Of course, carrying out policies like that is bound to attract criticism, but Trump has ideas on how to handle that, too. He’d tighten the libel laws to muzzle the press, and for those critics who heckle his speeches he’d encourage their being “roughed up” – the roughing possibly carried out by followers of the neo-Nazi Ku Klux Klan leader David Duke, whose support Trump can’t find the full-throated voice to repudiate.

I can imagine what you’re thinking about now: A megalomaniacal nut case like that is going nowhere in a party that claims to be conservative. Sorry to break the news and I hope whatever cloud bank you’re on you’re sitting down, but barring a political miracle before the convention, Donald Trump will be the Republican nominee for president in 2016.

There’ll be some sideshow skirmishes, of course, since a sizeable number of party leaders will try to block his nomination. They see it as an aberration. Trump’s outrageous posturing, says one such leader, Paul Ryan, doesn’t reflect “who we are.” But the evidence, to my eyes, is otherwise; which is to say that Trumpism isn’t so much the problem as a symptom of the problem.

Remember how, back when you were Mr. Conservative, you’d get together with liberal Democrats in the Senate to work out compromise legislation? Your slogan was, “You can disagree without being disagreeable.” Well for the past decade, Republicans in Congress have considered compromise a dirty word, and those who think otherwise get removed from office by political Luddites who call themselves the Tea Party. You wanted to limit the size of government. The Luddites want to do away with it altogether. They talk about fighting “the Establishment,” but as this year’s primaries show, they now are the Republican Establishment.

Proof of that? The runner-up to Trump in the race for the nomination is Texas Senator Ted Cruz, whose claim to fame is a penchant for shutting down the government not only by refusing to expand the debt limit but, if necessary, to defund Planned Parenthood. (That’s right, the same Planned Parenthood your wife, Peggy, belonged to.)

Again, sorry to ruin your day, but leaving the party you brought me into is no easy matter; though I have a feeling if you were still around it’d be easier because you’d be leading the exit.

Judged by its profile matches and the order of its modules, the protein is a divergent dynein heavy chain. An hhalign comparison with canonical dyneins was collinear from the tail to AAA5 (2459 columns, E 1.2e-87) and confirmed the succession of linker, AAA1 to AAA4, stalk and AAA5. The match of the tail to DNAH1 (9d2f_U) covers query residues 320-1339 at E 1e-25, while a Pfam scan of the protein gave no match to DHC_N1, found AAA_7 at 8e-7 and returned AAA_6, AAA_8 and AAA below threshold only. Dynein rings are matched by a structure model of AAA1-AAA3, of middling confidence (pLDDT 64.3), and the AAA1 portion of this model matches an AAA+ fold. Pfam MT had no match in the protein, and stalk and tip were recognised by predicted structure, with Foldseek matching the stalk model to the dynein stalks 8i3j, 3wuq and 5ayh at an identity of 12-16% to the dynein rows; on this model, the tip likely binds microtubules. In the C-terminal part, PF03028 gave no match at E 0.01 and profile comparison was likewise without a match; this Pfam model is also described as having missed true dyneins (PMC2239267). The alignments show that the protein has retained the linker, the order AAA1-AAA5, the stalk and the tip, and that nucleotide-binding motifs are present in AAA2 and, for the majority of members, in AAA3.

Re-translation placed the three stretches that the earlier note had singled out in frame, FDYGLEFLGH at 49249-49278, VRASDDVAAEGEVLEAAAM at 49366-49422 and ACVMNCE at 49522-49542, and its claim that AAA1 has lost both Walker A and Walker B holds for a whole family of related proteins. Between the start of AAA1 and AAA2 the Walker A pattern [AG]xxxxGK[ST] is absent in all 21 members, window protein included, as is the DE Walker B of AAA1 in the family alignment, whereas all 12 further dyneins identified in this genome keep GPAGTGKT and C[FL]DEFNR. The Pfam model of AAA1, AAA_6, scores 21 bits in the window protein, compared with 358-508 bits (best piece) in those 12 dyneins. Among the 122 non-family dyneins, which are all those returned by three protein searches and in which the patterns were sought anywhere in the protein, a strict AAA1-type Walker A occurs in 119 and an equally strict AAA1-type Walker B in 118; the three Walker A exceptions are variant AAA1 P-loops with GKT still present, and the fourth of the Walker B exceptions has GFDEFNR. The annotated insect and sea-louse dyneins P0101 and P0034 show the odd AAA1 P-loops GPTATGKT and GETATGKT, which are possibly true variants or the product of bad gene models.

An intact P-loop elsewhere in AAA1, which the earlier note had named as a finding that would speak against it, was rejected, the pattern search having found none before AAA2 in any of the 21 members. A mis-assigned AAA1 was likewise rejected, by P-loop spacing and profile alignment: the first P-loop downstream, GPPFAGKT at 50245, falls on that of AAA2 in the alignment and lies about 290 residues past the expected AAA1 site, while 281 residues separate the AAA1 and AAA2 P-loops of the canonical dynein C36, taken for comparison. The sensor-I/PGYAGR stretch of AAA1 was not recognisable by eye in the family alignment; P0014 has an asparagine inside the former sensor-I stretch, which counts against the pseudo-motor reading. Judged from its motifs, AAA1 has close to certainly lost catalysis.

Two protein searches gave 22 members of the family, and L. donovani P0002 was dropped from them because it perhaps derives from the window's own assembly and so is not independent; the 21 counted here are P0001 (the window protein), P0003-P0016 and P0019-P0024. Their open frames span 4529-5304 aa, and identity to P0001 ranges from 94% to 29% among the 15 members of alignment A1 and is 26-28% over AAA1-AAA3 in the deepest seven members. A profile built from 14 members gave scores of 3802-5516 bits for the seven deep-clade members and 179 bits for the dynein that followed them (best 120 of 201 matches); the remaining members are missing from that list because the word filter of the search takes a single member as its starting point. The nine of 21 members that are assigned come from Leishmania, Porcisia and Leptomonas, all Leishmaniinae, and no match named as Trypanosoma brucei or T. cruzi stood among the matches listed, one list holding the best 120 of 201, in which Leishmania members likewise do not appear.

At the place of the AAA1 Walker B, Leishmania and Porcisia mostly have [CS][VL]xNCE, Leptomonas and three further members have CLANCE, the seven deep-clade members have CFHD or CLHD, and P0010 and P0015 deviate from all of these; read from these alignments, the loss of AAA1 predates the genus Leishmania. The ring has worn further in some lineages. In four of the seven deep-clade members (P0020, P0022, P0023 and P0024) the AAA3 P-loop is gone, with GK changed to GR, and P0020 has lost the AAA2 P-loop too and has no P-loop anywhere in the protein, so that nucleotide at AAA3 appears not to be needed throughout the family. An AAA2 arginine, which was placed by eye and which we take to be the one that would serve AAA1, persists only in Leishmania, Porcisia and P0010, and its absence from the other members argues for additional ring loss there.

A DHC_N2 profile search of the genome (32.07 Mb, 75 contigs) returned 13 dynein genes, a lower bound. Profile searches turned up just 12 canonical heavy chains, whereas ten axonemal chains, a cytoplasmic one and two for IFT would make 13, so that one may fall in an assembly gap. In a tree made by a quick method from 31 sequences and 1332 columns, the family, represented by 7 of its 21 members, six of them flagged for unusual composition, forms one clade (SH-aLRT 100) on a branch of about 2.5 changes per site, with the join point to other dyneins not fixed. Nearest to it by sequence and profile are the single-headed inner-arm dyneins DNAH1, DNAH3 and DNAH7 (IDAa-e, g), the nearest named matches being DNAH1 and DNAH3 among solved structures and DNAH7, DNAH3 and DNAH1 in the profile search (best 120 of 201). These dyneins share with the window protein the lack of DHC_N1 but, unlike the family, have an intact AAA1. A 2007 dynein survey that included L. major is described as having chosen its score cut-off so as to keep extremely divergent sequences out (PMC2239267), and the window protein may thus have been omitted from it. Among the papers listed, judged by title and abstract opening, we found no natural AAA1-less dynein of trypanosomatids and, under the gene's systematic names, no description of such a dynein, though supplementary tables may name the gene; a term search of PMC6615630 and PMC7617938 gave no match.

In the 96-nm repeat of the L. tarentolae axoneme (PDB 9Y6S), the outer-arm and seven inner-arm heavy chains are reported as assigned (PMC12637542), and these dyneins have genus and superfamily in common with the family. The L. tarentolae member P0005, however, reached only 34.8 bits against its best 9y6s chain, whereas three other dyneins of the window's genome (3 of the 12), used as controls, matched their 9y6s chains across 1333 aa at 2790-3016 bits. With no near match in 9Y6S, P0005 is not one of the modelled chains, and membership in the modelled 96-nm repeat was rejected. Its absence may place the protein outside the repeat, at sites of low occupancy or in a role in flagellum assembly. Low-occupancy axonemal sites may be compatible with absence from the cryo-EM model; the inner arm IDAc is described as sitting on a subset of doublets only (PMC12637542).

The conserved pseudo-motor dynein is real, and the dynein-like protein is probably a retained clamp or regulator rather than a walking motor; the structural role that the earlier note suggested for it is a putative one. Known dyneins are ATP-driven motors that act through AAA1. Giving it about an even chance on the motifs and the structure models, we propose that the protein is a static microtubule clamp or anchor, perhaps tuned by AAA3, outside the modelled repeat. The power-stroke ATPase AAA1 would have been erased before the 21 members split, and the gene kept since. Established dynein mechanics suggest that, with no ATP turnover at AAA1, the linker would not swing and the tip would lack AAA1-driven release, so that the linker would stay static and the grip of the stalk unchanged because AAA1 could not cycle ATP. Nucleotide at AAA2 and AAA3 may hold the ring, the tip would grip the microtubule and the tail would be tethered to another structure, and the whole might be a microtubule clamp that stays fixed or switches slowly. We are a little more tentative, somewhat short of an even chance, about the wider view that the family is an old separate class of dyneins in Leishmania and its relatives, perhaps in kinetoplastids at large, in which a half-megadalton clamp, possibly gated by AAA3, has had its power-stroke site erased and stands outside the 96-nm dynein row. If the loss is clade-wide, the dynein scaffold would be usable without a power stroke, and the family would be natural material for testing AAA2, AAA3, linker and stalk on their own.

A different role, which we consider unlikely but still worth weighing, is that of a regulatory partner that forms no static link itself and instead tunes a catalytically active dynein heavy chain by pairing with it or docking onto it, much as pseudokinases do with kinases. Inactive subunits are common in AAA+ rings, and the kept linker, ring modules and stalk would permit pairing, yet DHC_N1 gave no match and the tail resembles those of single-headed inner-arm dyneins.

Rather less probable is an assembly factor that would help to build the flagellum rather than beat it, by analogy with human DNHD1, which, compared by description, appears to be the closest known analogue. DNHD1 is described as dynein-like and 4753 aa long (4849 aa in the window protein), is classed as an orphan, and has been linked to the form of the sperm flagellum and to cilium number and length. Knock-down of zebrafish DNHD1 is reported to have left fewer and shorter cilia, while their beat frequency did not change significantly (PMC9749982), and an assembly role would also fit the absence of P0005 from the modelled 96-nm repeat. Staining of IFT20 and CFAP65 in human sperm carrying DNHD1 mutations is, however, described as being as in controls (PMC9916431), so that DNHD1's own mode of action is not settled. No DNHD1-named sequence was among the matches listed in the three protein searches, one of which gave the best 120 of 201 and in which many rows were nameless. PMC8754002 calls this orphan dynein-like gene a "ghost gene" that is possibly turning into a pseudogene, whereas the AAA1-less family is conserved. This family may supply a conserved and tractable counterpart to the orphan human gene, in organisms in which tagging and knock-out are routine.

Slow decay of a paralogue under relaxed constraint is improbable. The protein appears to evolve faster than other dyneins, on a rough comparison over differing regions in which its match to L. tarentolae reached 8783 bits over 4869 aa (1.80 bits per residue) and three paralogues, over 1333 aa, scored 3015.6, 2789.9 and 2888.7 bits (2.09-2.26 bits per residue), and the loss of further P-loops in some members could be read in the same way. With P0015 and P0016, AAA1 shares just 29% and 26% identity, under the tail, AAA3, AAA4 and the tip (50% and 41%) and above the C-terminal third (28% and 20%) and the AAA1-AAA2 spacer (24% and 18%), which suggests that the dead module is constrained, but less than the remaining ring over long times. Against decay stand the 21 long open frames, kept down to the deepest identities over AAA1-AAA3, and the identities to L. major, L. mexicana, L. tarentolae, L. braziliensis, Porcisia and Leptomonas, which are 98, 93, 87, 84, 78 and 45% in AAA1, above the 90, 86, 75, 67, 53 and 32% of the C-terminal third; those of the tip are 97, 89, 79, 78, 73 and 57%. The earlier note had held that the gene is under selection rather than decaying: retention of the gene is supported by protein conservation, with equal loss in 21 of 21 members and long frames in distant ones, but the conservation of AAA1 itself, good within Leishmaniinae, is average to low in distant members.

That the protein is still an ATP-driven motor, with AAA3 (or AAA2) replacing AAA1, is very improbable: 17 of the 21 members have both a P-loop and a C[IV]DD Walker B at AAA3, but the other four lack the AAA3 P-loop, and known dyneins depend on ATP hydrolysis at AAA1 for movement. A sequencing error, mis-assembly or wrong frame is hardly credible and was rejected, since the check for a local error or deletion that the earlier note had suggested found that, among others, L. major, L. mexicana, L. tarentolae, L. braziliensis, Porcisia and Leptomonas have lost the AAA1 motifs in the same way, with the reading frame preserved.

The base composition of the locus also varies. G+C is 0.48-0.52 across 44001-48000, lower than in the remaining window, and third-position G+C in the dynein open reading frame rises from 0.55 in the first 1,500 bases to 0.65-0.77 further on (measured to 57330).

–As ever, Vic

 

Sound bite to remember

“Sometimes party loyalty asks too much.”

–John F. Kennedy, on refusing to appoint someone to a judgeship he considered unqualified

Divided We Stand Saturday, Feb 13 2016 

Of all the charges leveled at Barack Obama by his Republican critics – that he was born in Kenya, that he foisted an unconstitutional health care program on an unsuspecting Congress – one stands up: He promised to unite the country and failed to do so.

It was a foolish promise, but Obama wasn’t the first presidential candidate to make it. That would be Richard Nixon, who in the tumultuous election year of 1968, promised – in addition to having a “secret plan” to end the Vietnam War – that he would “bring us together.”

Needless to say, that didn’t happen. As a presidential pledge it was BS then, it’s BS now, and as long as this country remains a working democracy, it will always be BS. We have never, not even in the founding days of the republic, been a “united” country in the sense that political factionalism and societal disharmony didn’t exist.

George Washington was accused of having kingly ambitions, and though I wasn’t around at that time, I was when, during the heaviest fighting of World War II, Franklin Roosevelt’s Republican opponents denounced him as an incompetent commander-in-chief. (The slogan for the Republican ticket of Thomas Dewey and John Bricker in 1944 was WIN THE WAR QUICKER WITH DEWEY AND BRICKER.)

I also remember being at Vice President Agnew’s side during the presidential campaign of 1972 when a reporter asked him to respond to the charge that his speeches were “divisive.” Agnew’s answer: “Divisive means ‘to divide.’ I thought that’s what elections were all about.”

Unity? It’s a rhetorical fancy advanced by those who really mean, “Why don’t we settle our differences by your agreeing with my position?”

Which is to say I hope I don’t live to see the day when we have a “unified” country; the sort, that is, that Donald Trump and his cerebrally challenged followers would bring about.

 

Sound bite to remember

“Nothing in the world is more dangerous than sincere ignorance and conscientious stupidity.”

–Martin Luther King Jr.

 

Get Me to Which Church on Time Friday, Feb 5 2016 

“Rubio himself goes to two churches. Sometimes the family attends a Baptist-affiliated service on Saturday night and a Catholic Mass on Sunday.” Gail Collins, The New York Times, Feb. 4.

In his 1969 biography of Huey Long, historian T. Harry Williams writes about the first time Huey, a north Louisiana Baptist, campaigned for governor in Catholic south Louisiana.

“When I was a boy,” he told his south Louisiana Catholic audience, “I would get up at six o’clock in the morning on Sunday and I would hitch our old horse up to the buggy and take my Catholic grandparents to Mass. I would bring them home and at ten o’clock I would hitch the old horse up again and I would take my Baptist grandparents to church.”

The Cajun Catholic crowd ate it up; after which Huey’s local campaign manager said admiringly, “Huey, you’ve been holding out on me. I didn’t know you had any Catholic grandparents”; to which Huey replied, “Don’t be a damn fool. We didn’t even have a horse.”

Question: On those Saturday night and Sunday morning churchgoing excursions, does Marco hitch up the family horse?

Sound bite to remember

“Huey bought legislators. I only rent ’em.”

Earl Long, on how his style of governance differed from that of his brother.

“Mississippi Flag Defenders Dig In” Friday, Aug 21 2015 

“Mississippi Flag Defenders Dig In” — headline, Washington Post, Aug. 18, 2015